That accreditation is a racket is well-known among higher ed policy wonks and, likely, among professors and university heads. While it is supposed to be a standard of quality, parents and students generally have little understanding of the accreditation process or what it really indicates – a testament to the lack of value it provides to families trying to assess colleges.

 Not surprisingly, then, parents put much more stock in reviews such as U.S. News and World Report or Princeton Review than they do the federally backed accreditation regime.

 If accreditation was just confusing though harmless that would be one thing.  But it is a barrier to the kind of competition needed to shake up the costly and moribund higher education system.  And it blocks many student customers from picking better and less costly educations because students do not have access to federal student aid if they attend an unaccredited university. At the same time, federal funding has become an increasingly large portion of university budgets, which has meant that virtually every college in the country is accredited and so has to operate by rules that protect the established institutions.

 The existing accreditation system is based on inputs, not outputs: how many books are in the college library, whether a diversity director is on staff, etc. It is not based on – and does not remain contingent upon – school performance or job placement rates. That of course has been documented by private reviews such as U.S. News.

 But we are on the brink of a higher education revolution thanks in large part to online learning, and accreditation is a barrier to needed change. Unless accreditation is delinked from federal financing, that revolution could be postponed longer than it need be; all the while students will continue to incur untenable levels of debt to pursue bachelor degrees of questionable value and rigor.

 Higher education should be replaced with a system of credentialing – measuring the skills and knowledge students possess – in order to provide a transcript to employers that holds actual value. Students should be able to customize their higher education experiences instead of going to one brick and mortar school to obtain a bachelor’s degree.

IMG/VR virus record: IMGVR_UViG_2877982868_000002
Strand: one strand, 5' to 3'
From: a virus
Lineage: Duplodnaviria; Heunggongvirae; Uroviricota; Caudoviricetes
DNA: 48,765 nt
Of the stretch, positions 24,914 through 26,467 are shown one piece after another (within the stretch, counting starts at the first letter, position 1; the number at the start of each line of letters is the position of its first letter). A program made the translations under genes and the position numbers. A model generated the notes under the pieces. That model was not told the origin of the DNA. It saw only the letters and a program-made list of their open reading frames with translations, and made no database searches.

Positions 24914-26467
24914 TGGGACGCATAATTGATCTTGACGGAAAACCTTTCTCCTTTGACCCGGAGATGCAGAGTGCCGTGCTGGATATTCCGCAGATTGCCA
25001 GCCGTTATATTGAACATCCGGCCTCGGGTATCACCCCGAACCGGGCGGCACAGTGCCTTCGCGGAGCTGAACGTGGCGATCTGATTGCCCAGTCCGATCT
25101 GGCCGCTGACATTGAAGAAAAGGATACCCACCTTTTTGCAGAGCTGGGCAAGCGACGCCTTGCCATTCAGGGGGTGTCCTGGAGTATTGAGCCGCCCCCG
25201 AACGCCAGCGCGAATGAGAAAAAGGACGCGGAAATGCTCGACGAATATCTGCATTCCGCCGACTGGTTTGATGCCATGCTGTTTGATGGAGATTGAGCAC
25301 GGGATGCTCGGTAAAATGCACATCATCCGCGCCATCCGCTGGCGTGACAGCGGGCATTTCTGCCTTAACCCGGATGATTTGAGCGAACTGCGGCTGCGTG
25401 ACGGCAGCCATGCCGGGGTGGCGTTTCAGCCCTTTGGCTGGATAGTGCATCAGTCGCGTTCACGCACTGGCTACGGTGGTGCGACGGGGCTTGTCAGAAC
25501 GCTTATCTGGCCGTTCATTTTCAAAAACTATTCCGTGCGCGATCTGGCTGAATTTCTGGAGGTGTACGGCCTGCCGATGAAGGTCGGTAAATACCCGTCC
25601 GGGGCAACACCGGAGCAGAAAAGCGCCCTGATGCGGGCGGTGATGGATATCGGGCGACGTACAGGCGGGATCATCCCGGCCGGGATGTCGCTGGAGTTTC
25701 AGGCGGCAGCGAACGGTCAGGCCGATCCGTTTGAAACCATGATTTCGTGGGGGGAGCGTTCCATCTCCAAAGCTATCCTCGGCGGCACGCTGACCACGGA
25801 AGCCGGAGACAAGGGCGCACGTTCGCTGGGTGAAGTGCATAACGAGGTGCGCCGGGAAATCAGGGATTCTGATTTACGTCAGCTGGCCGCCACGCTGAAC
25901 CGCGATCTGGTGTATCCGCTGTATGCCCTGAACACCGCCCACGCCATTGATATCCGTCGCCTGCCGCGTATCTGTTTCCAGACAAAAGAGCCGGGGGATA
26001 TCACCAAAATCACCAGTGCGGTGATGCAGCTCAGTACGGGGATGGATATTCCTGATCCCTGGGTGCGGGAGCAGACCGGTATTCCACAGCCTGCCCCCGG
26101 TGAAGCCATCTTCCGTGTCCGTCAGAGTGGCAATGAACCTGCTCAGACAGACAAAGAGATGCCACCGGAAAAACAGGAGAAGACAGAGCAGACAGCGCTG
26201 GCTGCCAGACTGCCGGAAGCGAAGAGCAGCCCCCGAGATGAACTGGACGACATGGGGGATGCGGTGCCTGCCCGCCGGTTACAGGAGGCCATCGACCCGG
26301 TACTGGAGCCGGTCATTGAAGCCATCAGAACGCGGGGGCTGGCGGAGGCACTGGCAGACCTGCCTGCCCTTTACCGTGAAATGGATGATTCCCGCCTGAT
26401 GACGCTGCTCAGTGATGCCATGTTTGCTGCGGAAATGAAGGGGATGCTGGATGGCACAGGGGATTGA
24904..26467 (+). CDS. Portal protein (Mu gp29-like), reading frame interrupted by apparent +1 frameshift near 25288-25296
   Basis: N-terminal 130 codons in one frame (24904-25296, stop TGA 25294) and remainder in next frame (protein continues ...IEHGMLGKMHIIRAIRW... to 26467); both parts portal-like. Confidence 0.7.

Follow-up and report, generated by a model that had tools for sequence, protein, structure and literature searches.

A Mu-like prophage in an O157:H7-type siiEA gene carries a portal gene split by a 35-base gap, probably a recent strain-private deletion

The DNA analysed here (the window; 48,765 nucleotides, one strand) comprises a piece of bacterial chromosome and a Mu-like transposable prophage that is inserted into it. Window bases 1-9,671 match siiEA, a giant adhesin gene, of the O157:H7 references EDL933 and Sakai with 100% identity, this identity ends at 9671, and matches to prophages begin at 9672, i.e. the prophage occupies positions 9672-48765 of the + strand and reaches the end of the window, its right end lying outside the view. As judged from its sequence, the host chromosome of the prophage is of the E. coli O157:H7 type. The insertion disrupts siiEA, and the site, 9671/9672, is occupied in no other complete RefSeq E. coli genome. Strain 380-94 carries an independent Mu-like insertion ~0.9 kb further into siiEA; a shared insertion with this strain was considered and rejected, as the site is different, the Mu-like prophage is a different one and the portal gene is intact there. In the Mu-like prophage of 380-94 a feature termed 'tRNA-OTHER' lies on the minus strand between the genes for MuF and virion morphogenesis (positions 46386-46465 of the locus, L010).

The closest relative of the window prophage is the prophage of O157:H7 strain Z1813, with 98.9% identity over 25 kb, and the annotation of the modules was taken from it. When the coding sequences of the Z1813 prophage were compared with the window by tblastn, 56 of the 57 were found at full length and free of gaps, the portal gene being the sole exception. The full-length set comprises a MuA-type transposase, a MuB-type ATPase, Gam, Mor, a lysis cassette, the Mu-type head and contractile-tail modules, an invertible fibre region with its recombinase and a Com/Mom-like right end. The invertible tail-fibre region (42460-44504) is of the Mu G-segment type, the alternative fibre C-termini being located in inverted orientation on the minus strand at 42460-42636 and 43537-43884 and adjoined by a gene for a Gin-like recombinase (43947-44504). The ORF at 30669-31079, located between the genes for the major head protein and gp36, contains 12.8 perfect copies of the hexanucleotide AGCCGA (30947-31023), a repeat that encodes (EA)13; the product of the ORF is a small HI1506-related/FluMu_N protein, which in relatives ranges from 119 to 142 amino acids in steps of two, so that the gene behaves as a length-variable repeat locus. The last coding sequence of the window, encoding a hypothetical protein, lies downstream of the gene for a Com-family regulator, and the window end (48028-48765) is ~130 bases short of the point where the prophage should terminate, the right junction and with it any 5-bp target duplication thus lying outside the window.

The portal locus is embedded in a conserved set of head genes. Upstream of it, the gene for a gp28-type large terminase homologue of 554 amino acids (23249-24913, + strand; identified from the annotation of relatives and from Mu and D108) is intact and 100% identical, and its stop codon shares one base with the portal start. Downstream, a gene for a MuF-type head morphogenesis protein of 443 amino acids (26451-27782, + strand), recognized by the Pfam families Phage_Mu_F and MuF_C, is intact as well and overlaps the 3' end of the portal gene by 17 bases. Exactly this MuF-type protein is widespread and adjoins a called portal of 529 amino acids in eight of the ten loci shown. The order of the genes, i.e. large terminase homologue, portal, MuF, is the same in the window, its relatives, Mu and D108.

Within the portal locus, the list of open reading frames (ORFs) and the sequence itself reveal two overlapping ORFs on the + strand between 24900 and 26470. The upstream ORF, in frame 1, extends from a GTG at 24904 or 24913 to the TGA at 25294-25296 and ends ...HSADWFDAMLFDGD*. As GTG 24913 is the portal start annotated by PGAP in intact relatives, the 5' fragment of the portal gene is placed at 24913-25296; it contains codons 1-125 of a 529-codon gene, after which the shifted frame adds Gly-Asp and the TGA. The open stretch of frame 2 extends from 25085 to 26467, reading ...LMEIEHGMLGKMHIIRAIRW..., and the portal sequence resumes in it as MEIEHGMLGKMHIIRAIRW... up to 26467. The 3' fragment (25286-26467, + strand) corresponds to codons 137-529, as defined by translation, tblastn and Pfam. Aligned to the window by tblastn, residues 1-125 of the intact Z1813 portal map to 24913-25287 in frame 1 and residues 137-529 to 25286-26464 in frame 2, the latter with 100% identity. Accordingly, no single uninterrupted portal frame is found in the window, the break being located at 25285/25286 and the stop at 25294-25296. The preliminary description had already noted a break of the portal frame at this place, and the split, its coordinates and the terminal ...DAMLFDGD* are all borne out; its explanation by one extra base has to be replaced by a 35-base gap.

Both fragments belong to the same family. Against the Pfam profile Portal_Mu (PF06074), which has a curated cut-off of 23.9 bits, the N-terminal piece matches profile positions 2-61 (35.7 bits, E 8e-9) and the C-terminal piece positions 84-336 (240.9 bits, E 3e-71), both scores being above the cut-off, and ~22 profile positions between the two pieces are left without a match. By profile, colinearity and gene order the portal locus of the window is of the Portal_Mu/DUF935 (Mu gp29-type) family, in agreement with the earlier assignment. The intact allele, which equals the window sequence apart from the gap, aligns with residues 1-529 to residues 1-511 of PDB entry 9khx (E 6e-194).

Students could piece together, for instance, courses from Udacity, the Harvard Extension School, Coursera, and from models like the Flexible Degree Program now offered through the University of Wisconsin system. They should then be able to have those courses, along with any internships or prior skills, be independently assessed by private accrediting companies, in the same vein that Good Housekeeping or J.D. Power and Associates rate products.

 This customized transcript which has been audited by private sector accrediting companies could then be shown to prospective employers. It’s a model that would save money for students, and provide employers with a pool of candidates that bring with them actual skills, tailored to the job description.

 It would allow new upstarts to enter the higher ed landscape, free from the barrier of federally backed accreditation. They would then be judged by normal market forces, and students – including so many low-income students who have been ill-served by the traditional higher ed system – would have improved access at lower costs.

 It should astound people that college is more expensive now than ever, at a time when basic knowledge is cheaper than at any other point in history. End the existing accreditation regime and you create a dynamic college experience that meets the needs of students, employers, and tax payers.

 Lindsey M. Burke is the Will Skillman Fellow in Education at The Heritage Foundation, www.Heritage.org.

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Posted by: Lindsey Burke

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